For an orphaned child in Japan, life can seem pretty bleak. The cultural importance placed on blood relationships here means the chances of getting a foster or adoptive family are remote. The child will most likely grow up in an underfunded and understaffed group home, where the high caregiver-to-child ratio means they probably won’t have an adult in their life to love, guide and motivate them, one on one.
And the future doesn’t look much better. The college enrollment rate for kids in homes is only around 8%, compared to the national average of around 50%. Many of them end up working low-paying jobs that don’t even cover rent—little wonder that they often suffer from low motivation and mental health issues.
One local organization is hoping to make a difference for some of these orphaned children by providing mentoring experiences with positive adult role models. Living Dreams, a registered NPO, works with 23 children’s homes in the Tokyo area, bringing individual and corporate volunteers to mentor kids in the so-called “LAST” areas—learning, arts, sports and technology.
Executive Director Amy Moyers explains the importance of reaching out. “When a child is exposed to an experience or activity that opens up their perspective and allows them to ‘let go’ and dream a little bit, it’s amazing how those experiences can permeate into many other areas of their life,” she says. “Most of these children have far more potential than many people realize.”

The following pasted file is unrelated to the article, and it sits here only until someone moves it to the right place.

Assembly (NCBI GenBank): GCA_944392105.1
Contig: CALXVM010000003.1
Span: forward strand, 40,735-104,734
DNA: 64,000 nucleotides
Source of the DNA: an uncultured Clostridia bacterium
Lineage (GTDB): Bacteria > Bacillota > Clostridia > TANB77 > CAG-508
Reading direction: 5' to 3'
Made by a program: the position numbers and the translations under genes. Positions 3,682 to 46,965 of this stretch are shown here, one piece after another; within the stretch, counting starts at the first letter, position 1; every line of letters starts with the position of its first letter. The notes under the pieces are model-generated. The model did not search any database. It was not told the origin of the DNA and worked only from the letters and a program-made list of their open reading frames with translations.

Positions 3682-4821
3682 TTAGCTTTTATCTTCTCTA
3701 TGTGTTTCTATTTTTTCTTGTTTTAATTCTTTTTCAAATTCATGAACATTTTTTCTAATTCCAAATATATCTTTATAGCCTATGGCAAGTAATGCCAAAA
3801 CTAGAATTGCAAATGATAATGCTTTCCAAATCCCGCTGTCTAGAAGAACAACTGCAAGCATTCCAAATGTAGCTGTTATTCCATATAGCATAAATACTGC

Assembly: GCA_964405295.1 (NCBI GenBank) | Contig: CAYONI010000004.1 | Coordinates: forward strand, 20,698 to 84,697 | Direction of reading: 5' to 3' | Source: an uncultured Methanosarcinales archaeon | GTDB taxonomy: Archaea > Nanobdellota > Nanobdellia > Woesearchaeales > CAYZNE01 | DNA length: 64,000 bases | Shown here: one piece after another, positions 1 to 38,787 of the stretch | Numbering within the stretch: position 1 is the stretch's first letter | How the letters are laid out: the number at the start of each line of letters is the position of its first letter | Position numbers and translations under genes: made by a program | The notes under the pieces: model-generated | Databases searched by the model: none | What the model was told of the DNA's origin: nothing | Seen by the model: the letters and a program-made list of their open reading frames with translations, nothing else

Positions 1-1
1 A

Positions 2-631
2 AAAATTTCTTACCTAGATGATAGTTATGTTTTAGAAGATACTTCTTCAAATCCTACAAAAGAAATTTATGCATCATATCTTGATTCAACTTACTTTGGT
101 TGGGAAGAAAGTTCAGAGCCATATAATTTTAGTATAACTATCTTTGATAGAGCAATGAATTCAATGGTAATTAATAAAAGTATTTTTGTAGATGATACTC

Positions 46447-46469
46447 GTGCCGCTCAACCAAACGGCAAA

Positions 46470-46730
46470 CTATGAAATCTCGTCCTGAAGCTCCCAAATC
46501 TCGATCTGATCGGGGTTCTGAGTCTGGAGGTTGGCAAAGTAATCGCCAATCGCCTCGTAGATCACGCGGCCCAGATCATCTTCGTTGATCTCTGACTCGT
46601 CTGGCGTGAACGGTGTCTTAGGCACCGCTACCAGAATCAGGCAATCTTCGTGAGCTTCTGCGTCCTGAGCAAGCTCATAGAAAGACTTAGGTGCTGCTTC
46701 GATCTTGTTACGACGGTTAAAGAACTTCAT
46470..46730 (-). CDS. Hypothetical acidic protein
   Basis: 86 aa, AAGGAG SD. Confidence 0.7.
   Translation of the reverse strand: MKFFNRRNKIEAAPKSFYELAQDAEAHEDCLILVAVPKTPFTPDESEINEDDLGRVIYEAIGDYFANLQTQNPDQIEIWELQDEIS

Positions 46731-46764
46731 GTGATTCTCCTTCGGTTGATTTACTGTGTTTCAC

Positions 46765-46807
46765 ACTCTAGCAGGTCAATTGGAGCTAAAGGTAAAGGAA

Moyers feels that the NPO’s activities promoting athletics and the arts, such as its yearly art camp, are just as important as its learning and technology components. “With many of these children who have been abused, you have to think of them as bruised on the inside and out,” she says. “They have PTSD symptoms, trust issues, confidence issues, and an overall sense of confusion about their predicament. So arts and sports can be a great source of release for kids to express emotions in a positive environment.”
Moyers, who has a background in marketing and publishing, brought her knack for establishing strategic partnerships to the NPO. Living Dreams has worked with major companies in Japan, such as Shinsei Bank, Barclays Capital and Kawaijuku, to help them achieve their corporate responsibility goals. Some provide funding or donate goods, while others encourage their employees to donate their time.
Individual volunteers are equally welcome, though. The organization is looking to provide as many different opportunities as possible, and believes that everyone has something to offer, whether it’s a knack for explaining programming or just a sympathetic ear.
According to Moyers, the hardest part of their work isn’t finding money or volunteers, but changing the thinking of staff working at the children’s homes. “The home staff tend to be very practical, given that kids living in homes have an uphill battle to carve out a better path for themselves,” she explains. “The challenge is to diplomatically shift the home thinking from ‘managing expectations down’ to ‘encouraging some dreams.’” After all, sometimes all you need is a little hope.
To find out more about Living Dreams or if you are interested in volunteering, email firstname.lastname@example.org.
This story originally appeared in Metropolis magazine (www.metropolis.co.jp).© Japan Today